Mr Redwood’s contribution to the debate on the Economy, 11 Dec

Mr John Redwood (Wokingham) (Con): Given the warm welcome in the House, particularly on this side, for all tax freezes and reductions, will my hon. Friend urge those on our Front Bench to do more of that, so that we can get the economy growing more quickly?

Justin Tomlinson (North Swindon) (Con): I thank my right hon. Friend for that important suggestion, which I endorse. We would all welcome such measures being taken whenever possible, given the financial constraints that we inherited.

I also welcome the extra investment in UK Trade & Investment in relation to exports. The Office for Budget Responsibility has recognised the challenges involved in exporting to the eurozone. Honda, the biggest employer in my constituency, has faced challenges in exporting cars to a declining market, although the UK market has experienced an 8.6% increase. We have seen our exports to emerging markets double, however, and the investment through UKTI will make a big difference. I have attended lots of events with the Government and with banks to encourage businesses to consider exporting to those markets, and that extra help to remove barriers will make a big difference.

I want to make a plea for a greater push promoting young entrepreneurs. The Government have launched the £2,500 start-up loans. I have been working with Young Enterprise, Virgin Media Pioneers and the National Association of College and University Entrepreneurs. Even the Scouts have a young entrepreneur’s badge now, and my wife and I had a very enjoyable evening helping to judge that. They even offered us free cake and cups of tea to try to influence our decision. I was the only one of the 350 students studying business at my university who went on to run their own business.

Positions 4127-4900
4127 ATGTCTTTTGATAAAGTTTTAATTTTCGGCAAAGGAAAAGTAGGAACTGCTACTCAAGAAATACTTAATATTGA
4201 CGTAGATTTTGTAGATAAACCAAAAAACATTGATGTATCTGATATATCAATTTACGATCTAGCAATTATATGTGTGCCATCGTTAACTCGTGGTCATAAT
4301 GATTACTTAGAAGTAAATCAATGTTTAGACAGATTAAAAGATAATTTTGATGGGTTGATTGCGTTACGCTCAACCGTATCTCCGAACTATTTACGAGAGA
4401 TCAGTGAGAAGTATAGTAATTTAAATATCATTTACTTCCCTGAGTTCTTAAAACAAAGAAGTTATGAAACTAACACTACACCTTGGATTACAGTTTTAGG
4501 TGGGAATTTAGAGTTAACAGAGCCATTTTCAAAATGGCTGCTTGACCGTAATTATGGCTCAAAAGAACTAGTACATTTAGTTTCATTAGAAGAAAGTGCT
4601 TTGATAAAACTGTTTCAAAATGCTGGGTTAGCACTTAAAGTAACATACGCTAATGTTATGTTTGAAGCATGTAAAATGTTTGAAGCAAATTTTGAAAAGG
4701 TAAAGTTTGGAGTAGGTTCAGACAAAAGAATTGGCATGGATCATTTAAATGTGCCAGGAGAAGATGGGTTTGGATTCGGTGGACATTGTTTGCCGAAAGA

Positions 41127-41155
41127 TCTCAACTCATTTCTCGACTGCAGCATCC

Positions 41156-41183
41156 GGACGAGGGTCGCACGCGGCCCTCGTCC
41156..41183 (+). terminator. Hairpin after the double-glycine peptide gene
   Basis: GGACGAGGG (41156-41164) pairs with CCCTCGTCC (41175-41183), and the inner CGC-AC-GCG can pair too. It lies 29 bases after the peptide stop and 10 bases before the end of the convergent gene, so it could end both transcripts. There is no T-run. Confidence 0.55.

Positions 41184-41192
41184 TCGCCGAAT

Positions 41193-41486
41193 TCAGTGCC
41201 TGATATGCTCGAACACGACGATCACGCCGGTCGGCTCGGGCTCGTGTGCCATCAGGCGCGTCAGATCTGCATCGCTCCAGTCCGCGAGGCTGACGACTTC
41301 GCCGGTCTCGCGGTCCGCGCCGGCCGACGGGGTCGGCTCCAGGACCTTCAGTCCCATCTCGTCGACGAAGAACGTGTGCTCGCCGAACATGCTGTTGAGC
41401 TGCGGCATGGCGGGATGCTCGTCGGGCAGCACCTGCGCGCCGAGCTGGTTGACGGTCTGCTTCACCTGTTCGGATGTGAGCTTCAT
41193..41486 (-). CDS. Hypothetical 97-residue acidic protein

I believe that that university education taught any entrepreneurial flair and risk-taking out of us. We need to encourage more young people who have boundless energy and enthusiasm, and enough cheek to question the accepted ways, to find new niche markets.

I have been working with New college and Swindon college in my constituency to try to set up further opportunities for young people. This will involve not only the traditional young enterprise scheme set up in the main foyer in which the students sell to their friends but the opportunity to set up a pitch in the local market. They will have a wooden table and do three days’ trading. If they are not set up by 9 o’clock in the morning, they will lose that day’s trading. Those who are successful will then be offered cheaper pitches in the summer holidays, after they have finished college, and we hope that they will be the next generation of entrepreneurs. Many famous business people, including Lord Sugar, Richard Branson and the founders of Marks & Spencer and the Superdry clothing brand, started on a market stall. If we can get those young people to take that risk, we can create the next wave of jobs, and I encourage the Government to do what they can on that front.